…to deliver access to tax-payer information according to standards set out in its new Tax Information Exchange Agreements (TIEAs) with ‘zero-tax’ havens?
Perhaps the answer depends on the real motivation behind Canada’s abandonment of its longstanding ‘exempt-surplus’ policy which provides for the tax-free repatriation of profits (in the form of dividends) from the foreign affiliates of its multinationals involved in ‘active’ business in Canada’s tax treaty partners.
Did Canada extend this significant benefit to ‘zero-tax’ havens as the agreed ‘market price’ to secure their compliance with the new global standards on tax information exchange as set out in TIEAs or was it simply a means of increasing Canada’s international competitiveness by allowing its companies to escape both ‘onshore’ and ‘offshore’ taxation?
With Canada’s ‘zero-tax’ TIEA partners due to undergo their OECD Global Forum Phase II Assessments later this year to decide whether ‘in practice’ these countries are able to deliver on the ‘promises’ set out it their TIEAs, it remains to seen how Canada will react if the ‘practice’ falls short of OECD GF expectations.
If these countries fail to satisfy their peers in the OECD GF about their ability to collect and exchange tax-payer information will Canada suspend or revoke the benefit of the ‘exempt surplus’ regime until such time as their TIEA-partners are compliant?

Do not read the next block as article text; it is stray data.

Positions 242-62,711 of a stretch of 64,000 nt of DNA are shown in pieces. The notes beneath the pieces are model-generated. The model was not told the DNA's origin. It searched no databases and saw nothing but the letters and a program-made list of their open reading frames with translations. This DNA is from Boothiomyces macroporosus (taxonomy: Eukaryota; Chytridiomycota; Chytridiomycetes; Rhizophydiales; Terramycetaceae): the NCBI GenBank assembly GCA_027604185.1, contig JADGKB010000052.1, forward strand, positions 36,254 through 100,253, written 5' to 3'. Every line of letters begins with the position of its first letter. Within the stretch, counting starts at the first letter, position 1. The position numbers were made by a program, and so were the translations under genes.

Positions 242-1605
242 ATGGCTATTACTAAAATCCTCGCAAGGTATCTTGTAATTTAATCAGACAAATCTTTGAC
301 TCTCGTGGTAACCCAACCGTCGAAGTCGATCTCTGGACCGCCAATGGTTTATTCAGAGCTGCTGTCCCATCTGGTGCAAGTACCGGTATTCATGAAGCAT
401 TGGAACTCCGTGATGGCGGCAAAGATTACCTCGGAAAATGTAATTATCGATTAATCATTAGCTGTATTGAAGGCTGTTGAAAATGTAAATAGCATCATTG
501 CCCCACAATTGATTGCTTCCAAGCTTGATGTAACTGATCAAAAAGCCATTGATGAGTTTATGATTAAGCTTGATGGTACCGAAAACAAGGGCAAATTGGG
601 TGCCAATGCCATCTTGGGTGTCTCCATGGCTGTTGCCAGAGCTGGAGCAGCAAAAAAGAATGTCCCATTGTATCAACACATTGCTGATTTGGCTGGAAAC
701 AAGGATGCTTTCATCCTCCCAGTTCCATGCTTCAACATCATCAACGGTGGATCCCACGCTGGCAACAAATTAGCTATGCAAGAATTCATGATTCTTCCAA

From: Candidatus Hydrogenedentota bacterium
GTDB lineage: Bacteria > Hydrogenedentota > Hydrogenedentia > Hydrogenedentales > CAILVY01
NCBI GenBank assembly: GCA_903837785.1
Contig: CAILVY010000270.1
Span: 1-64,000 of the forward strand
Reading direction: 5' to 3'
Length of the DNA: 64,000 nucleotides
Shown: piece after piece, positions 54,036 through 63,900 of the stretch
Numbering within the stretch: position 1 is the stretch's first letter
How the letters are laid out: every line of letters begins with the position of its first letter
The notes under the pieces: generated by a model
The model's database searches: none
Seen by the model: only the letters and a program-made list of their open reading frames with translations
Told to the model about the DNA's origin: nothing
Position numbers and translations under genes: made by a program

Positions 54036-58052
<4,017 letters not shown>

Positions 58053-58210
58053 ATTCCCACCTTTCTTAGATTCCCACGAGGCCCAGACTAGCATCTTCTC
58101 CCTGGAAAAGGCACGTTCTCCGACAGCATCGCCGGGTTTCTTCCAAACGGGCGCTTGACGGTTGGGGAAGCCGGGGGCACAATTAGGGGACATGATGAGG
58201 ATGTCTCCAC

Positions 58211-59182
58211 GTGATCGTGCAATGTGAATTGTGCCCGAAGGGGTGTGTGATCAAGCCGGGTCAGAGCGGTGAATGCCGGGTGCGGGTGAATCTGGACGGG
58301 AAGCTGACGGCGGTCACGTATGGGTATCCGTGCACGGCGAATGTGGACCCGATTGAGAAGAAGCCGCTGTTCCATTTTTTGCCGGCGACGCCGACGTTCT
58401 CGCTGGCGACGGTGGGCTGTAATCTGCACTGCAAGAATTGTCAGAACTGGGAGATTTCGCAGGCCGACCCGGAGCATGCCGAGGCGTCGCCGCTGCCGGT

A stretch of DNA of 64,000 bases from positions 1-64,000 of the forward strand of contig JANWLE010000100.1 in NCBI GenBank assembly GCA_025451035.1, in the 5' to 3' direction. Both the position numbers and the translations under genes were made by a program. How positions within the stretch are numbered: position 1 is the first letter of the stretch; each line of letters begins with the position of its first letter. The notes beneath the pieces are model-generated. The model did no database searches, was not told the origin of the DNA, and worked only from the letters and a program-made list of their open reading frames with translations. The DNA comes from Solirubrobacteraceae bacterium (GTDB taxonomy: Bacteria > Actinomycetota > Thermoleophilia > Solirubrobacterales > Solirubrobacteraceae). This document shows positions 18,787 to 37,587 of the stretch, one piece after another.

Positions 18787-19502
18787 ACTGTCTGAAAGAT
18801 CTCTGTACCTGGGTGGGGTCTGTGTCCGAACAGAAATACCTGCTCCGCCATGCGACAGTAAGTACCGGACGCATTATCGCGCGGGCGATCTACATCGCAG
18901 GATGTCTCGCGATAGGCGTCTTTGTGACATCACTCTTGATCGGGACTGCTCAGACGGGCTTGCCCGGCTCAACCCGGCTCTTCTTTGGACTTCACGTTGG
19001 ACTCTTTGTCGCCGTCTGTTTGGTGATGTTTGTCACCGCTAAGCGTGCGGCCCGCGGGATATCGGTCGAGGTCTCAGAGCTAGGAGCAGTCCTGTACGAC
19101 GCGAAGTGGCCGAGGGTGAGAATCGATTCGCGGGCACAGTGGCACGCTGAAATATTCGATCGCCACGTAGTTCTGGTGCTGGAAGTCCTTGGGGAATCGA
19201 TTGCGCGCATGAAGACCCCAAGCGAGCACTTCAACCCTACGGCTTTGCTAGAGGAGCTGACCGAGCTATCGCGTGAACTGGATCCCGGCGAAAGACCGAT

How will Canada reconcile its position as member of the OECD Global Forum in the event that its TIEA partners are adjudged non-compliant and its undertaking as a member of the G-20 to ‘blacklist’ these countries for non-compliance?
Surely it will make for uncomfortable headlines if Canadian companies with operations in countries with a tested inability to honour the terms of their TIEAs can continue to generate tax-free profits.
With Canada’s ‘vested’ interests in the outcome of the Phase II Assessments of its TIEA-partners, aside from ensuring that countries are committed to the global standards ‘in word and in deed’, there is much value in the monitoring of the ‘form and substance’ of the Phase II process by OECD GF members and Canadian multinationals over the coming months.